…at least not always, anyway. Or intelligence or sanity. This observation after reading the newspapers back home in California lately about the whole Donald Sterling affair.
For anyone who hasn’t been following the story, Sterling is the owners of the Los Angeles Clippers basketball team, who made disparaging remarks a few weeks ago about black people in general and basketball legend Magic Johnson in particular.
After those comments became public, the ensuing firestorm resulted in him being banned from the NBA and most likely he will be forced to sell the team. This week he went on CNN to apologize. He did so by making more disparaging remarks about black people in general and Magic Johnson in particular. This guy just doesn’t know when to shut up.
Obviously Sterling is insensitive, ignorant and out of his mind. That much has been widely discussed and agreed upon by just about everyone on the planet. Another side to the story that strikes me, however, is that here is a guy worth nearly $2 billion, yet at the moment anyway, he seems to be one of the most miserable SOB’s around.
Sterling’s wife has apparently abandoned him. Likewise his “friend,” the attractive woman he used to take to the games that released the recording in the first place. His beloved team is in the process of being stripped away. Even PR firms are refusing to take him on as a client. It makes me wonder who the guy has to hang out with at all anymore. I picture him sitting on a couch in some big fancy mansion, completely alone and despised.
This all reminds me of another story of a miserable eccentric millionaire from Los Angeles. Back in the 1980’s, Georges Marciano rose to fame and fortune with his name brand clothing company, Guess. As everybody knows, it was a huge success and he became very wealthy.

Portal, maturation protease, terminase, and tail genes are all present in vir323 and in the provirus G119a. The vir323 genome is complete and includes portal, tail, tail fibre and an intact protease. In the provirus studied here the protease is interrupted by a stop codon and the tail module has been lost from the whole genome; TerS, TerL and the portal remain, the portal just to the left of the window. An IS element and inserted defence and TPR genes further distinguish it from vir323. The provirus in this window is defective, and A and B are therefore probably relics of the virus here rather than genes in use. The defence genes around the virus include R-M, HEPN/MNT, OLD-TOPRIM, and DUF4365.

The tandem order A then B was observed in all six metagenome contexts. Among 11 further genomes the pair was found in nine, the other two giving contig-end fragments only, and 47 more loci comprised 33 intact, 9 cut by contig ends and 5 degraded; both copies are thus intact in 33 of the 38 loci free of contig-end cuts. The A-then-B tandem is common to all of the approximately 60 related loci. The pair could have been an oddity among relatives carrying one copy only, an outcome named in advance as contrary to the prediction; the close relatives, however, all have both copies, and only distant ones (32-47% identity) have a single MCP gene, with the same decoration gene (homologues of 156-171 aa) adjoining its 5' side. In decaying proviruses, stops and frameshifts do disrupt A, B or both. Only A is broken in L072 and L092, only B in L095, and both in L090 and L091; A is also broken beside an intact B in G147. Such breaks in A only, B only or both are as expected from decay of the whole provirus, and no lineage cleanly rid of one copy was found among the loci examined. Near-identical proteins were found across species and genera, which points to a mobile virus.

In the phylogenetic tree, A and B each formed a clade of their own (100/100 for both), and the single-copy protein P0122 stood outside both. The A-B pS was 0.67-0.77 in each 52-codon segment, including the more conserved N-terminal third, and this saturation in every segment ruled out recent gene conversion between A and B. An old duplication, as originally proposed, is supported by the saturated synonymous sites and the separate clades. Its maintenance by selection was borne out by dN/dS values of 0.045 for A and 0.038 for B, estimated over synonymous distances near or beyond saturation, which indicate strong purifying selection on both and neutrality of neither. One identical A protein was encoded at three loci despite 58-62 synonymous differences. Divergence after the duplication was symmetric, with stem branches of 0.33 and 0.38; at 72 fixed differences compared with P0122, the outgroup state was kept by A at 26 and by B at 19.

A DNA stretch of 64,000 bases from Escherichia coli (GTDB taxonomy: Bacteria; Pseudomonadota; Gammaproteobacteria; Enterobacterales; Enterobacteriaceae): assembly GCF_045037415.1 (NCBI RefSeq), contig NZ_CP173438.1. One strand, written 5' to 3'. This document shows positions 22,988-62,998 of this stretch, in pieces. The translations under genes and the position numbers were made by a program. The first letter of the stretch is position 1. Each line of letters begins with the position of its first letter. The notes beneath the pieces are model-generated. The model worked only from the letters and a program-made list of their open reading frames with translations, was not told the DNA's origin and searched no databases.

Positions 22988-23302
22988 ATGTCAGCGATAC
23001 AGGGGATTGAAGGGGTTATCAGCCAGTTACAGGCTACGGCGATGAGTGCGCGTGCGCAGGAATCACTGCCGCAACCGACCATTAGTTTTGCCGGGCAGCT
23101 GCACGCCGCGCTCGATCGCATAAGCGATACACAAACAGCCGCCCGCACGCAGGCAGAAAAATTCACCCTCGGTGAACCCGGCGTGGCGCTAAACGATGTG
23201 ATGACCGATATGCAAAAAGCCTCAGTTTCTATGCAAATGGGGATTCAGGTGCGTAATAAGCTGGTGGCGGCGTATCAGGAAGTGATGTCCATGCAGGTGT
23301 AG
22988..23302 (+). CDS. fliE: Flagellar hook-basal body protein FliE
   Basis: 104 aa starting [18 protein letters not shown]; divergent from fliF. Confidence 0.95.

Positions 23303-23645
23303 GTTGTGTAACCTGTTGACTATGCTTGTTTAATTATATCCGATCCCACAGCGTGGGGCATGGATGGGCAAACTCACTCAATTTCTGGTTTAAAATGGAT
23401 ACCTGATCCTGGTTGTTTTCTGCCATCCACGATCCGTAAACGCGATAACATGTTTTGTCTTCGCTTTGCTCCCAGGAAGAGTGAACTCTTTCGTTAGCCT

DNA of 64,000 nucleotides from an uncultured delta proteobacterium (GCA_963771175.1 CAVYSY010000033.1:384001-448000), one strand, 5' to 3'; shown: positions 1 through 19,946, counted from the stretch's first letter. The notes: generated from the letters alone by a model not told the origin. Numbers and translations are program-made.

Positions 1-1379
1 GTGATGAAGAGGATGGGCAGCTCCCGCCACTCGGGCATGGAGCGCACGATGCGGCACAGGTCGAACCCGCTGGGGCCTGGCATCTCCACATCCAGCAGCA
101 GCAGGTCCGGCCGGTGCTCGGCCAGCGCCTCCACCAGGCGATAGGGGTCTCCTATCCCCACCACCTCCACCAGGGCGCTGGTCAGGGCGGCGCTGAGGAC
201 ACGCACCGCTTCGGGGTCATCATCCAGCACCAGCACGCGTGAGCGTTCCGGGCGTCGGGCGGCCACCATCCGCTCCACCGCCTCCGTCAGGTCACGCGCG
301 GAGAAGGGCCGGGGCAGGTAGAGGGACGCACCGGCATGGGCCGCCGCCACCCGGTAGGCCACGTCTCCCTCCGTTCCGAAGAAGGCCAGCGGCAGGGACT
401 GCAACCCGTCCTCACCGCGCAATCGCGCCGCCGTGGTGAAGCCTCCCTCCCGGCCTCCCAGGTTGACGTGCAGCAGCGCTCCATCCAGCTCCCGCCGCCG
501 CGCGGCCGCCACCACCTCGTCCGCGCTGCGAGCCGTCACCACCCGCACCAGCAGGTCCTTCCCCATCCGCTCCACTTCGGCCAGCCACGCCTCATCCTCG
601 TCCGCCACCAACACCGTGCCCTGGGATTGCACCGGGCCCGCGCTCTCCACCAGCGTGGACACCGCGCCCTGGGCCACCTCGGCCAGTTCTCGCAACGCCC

Also somewhat paranoid. He thought numerous former employees were stealing his money. Marciano went after them in court with great zeal, spending millions of dollars and going through 17 different law firms.
The charges were baseless and the figures minor in the grand scheme of things, but the issue consumed him, robbing his life of joy. At one point Marciano’s assets were valued at $360 million. But then his employees counter-sued, and won, leading to an original judgment against him of $425 million (later reduced to $260 mil). Long story short, Marciano is now bankrupt.
There are plenty of other examples of very wealthy people who are unhappy. I wonder sometimes about Donald Trump. Is he happy? That blathering blowhard of birtherdom? Maybe so, but that doesn’t make him any less an idiot, forever craving the spotlight.
In any case, it is good to remember sometimes for the rest of us as we chase after our own material gain, hamsters forever running in the wheel of consumerism, that money isn’t what life is all about. You can have billions of dollars and still be miserable.
Or you can be flat broke yet have your friends and your family and perhaps a sunny afternoon in spring to do with what you like. Those are the things, after all, that really make life worth living.